Part of the preparation for writing my new book involves studying evolutionary psychology. A review of a book by David Livingston Smith, "The Most Dangerous Animal: Human Nature and the Origins of War," published in the journal "Evolutionary Psychology" (2008, 6(1):3-12), reminded me of right-wing Republicans in general and Dick Cheney in particular.
The mechanisms of evolution include both "selfish" self-preservation (required in order to pass along one's genes) and cooperation. The former can include violence, including total destruction of other human beings. Thus, modern homo sapiens can be considered "reluctant killers." According to Smith, reconciling these opposing tendencies requires an advanced capacity for self-deception and the ability to dehumanize the enemy.
A few months ago, in a weak moment, I actually watched a few minutes of Sean Hannity's show on Fox "News." In one segment a guest of Hannity's whose name I don't remember criticized President Obama (less than 100 days into his administration) for not keeping all his campaign promises. The guest's final point (I guess she thought she was saving the best for last) was that Obama had not kept his promise to help Americans replace thousands of energy-hungry old-style light bulbs with their more environmentally friendly cousins. Moving seamlessly into the next segment, Hannity introduced Karl Rove, who proceeded to criticize Obama for working on too many projects simultaneously. If Hannity noticed the contradiction, he did a good job of hiding his concern over the dichotomous nature of the juxtaposed criticisms.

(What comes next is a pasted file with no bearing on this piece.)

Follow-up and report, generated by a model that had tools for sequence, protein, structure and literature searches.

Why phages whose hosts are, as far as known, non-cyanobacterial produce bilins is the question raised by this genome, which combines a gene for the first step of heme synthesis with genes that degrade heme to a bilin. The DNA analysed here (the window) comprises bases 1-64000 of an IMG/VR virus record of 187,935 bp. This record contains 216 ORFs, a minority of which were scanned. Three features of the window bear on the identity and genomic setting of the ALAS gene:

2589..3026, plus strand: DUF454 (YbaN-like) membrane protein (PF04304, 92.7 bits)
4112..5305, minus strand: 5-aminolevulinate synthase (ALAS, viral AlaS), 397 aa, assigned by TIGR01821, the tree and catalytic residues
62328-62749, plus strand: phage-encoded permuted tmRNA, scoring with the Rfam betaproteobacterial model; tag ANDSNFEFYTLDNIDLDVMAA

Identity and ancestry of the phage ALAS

More recently, according to Keith Olbermann, Fox News stated that Obama refused to use the word "democracy" in his address to the Muslim world in Cairo. Olbermann then showed actual video from the speech, in which the word "democracy" was used at least four times.
I am amused by Dick Cheney's recently-discovered love of open government. As you know, he wants documents that he claims prove the effectiveness of torture to be declassified. I wonder -- is he also now ready to reveal the identities of the members of his early-first-term energy task force?
Can supposedly intelligent people really not understand, or be concerned about, such hypocritical behavior? According to Smith, the human brain actually has the capacity to divide itself into segments that lack the ability to communicate with one another! Hypocrisy is thereby banished from existence.
The vitriolic nature of political debate, historically present to be sure but especially noticeable in the last decade, is characterized by intense dehumanization. You don't need me to name the people who engage in such behavior; if you're reading this blog, you already have your own favorites. But Dick Cheney comes to my mind (among others).
According to Smith, one of the best tactics for dehumanizing an enemy is to inspire among one's followers "hate, fear, or repugnance" in said enemy. And what kind of talk would be more inclined to do so than to charge, as Cheney has, that President Obama is making this country less safe? Cheney is doing nothing less than playing on our most personal fears -- ironically also evolved from our desire for self-preservation. Also ironically, it is our "advanced" language capability that permits such behavior.
Dick Cheney's eight years as "shadow President" have put the country at great risk. Now he doesn't even show the courtesy of letting the winners of the election implement their mandate without constantly sniping from the sidelines. I guess he can't help himself -- that's the way he "evolved." What an adventure the flies on the membranes of Dick Cheney's compartmentalized brain must have!